Ryah Cooley

Muratsuchi bill to move on to Assembly

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State Assemblyman Al Muratsuchi (D-66th District) announces AB 2711 at the Hermosa Beach pier in April. He was joined by (left to right) South Bay 350’s Joe Galliani, Heal the Bay’s Sarah Sikich, Surfrider’s Craig Cadwallader, Hermosa Beach councilwoman Nanette Barragan, State Senator Ted Lieu, Stop Hermosa Beach Oil’s Stacey Amato, Earthworks’ Jhon Arbelaez,  and Los Angeles Waterkeeper’s Brian Meux. Photo by Kevin Cody

State Assemblyman Al Muratsuchi (D-66th District) announces AB 2711 at the Hermosa Beach pier in April. He was joined by (left to right) South Bay 350’s Joe Galliani, Heal the Bay’s Sarah Sikich, Surfrider’s Craig Cadwallader, Hermosa Beach councilwoman Nanette Barragan, State Senator Ted Lieu, Stop Hermosa Beach Oil’s Stacey Amato, Earthworks’ Jhon Arbelaez, and Los Angeles Waterkeeper’s Brian Meux. Photo by Kevin Cody

A bill that would allow Hermosa Beach to borrow $11.5 million from the State Tidelands Funds in order to help the city keep its ban on oil drilling was passed by the appropriations committee on Friday and will move on to the Assembly.

Assembly Bill 2711, which Assemblyman Al Muratsuchi (D-Torrance) introduced in April, would provide the money if city voters maintain the ban on oil drilling. Under the terms of the proposed bill, Hermosa Beach would pay the loan back at a rate of $500,000 per year to the General Fund.

Muratsuchi said that the bill moving on to the assembly is a major victory for Hermosa Beach as many bills with a fiscal impact die in the appropriations committee. “I am fighting hard, but it’s going to be a tough fight,” Muratsuchi said. “My challenge will be to convince legislators that this isn’t just about oil drilling in Hermosa Beach, but the entire Santa Monica Bay.”

The city and E&B Natural Resources signed an agreement last year that would allow E&B to call for an election as soon as November to lift Hermosa’s ban on oil drilling. If successful, the ballot measure would allow E&B to install 30 oil wells at the city’s 1.3-acre maintenance yard. The agreement calls for the city to repay E&B $17.5 million if the ballot measure fails. E&B loaned the money to the city to help settle a lawsuit with Macpherson Oil. At the time, the city was facing up to $500 million in damages for having broken a 1984 agreement with Macpherson to allow oil drilling from the city maintenance yard. Although E&B has promised upwards of $1.2 million for schools, the drilling proposal has sharply divided the city. Many residents fear oil spills could ruin the city’s pristine beaches and negatively impact their health.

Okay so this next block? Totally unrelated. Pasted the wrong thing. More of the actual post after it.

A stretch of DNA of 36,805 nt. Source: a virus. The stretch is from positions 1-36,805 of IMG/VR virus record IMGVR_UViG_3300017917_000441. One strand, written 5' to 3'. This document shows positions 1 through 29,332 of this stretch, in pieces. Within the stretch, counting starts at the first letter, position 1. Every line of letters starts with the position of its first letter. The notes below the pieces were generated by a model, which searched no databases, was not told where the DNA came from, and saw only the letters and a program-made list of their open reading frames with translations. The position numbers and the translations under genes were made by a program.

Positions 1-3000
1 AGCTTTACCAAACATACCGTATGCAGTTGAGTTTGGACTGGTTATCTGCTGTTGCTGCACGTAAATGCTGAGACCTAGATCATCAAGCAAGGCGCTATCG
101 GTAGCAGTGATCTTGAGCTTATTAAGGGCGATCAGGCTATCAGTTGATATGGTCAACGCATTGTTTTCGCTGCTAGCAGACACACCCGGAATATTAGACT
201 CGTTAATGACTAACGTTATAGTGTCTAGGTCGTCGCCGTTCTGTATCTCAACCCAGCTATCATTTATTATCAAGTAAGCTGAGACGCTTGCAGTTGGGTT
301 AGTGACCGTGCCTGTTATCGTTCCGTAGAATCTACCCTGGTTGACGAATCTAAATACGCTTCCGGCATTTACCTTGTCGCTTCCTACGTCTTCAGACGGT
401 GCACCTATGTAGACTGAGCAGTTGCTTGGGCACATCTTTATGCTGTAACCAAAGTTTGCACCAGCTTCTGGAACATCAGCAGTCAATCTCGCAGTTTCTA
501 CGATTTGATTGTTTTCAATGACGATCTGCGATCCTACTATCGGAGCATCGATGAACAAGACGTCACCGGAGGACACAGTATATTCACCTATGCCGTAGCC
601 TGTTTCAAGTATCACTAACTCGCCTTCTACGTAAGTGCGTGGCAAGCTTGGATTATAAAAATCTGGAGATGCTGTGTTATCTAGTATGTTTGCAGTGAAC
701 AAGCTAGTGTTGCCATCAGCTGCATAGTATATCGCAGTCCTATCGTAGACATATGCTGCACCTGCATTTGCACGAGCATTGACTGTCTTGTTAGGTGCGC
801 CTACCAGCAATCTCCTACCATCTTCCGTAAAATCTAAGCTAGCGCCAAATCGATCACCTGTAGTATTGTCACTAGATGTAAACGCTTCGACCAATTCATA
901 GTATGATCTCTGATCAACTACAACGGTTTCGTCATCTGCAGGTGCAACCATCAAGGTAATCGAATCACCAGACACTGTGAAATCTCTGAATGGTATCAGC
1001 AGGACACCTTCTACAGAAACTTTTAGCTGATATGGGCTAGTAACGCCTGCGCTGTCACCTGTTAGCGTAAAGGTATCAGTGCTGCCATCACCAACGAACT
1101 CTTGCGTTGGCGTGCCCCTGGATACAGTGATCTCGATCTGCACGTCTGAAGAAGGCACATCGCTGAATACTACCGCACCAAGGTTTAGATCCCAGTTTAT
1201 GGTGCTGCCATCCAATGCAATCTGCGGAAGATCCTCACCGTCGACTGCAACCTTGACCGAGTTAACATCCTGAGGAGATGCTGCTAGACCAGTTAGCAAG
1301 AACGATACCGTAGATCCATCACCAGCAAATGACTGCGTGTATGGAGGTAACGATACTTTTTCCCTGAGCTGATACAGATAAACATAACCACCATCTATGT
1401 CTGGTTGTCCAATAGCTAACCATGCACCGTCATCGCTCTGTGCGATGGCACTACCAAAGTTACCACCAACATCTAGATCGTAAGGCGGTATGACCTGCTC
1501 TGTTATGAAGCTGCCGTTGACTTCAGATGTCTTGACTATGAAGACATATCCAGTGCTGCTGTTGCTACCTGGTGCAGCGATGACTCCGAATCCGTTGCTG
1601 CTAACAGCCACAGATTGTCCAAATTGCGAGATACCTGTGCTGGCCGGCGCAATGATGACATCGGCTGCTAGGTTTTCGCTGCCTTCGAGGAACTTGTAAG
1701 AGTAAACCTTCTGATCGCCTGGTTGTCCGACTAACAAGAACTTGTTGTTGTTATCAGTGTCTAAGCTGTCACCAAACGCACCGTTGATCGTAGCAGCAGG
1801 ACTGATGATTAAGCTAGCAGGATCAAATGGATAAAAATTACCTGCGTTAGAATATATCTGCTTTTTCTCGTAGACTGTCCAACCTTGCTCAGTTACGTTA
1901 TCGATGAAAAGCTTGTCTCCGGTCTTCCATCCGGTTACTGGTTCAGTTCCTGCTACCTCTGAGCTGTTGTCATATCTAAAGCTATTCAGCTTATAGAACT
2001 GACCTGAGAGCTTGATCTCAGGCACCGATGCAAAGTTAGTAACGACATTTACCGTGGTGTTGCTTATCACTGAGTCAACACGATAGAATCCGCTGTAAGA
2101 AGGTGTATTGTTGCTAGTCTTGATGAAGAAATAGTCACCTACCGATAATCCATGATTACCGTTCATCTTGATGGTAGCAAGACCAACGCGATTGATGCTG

Earlier this month, the Hermosa Beach City Council voted to support the bill. Mayor Michael DiVirgilio said that having the option to borrow the $11.5 million from the State Tidelands Funds would be helpful. An earlier version of the bill proposed loaning $17.5 million to Hermosa Beach, but city officials say the city has already set aside $6 million so far in case the ban on oil drilling is maintained.

When AB 2711 was originally introduced, E&B described the proposed bill as unnecessary. During the past two years, city officials and community activists have consistently and forcefully stated that the City has the financial capacity necessary to repay the $17.5 million loan E&B provided. This loan allowed the City to avoid bankruptcy and to end 14 years of litigation with Macpherson Oil,” the statement said.

Last week, Muratsuchi also asked assembly budget leaders to place an $11.5 million loan for Hermosa Beach on the state budget for the 2014-15 fiscal year. He said he expects to hear back from assembly budget chairs sometime next week. The deadline for the state legislature to pass a final budget to Gov. Jerry Brown is June 15 and then Brown has until June 30 to sign off on the budget.

A  representative from Muratsuchi’s office said that the Assembly will likely vote on the bill before August 30, where it will need a two-thirds vote in order to move on to the Senate.

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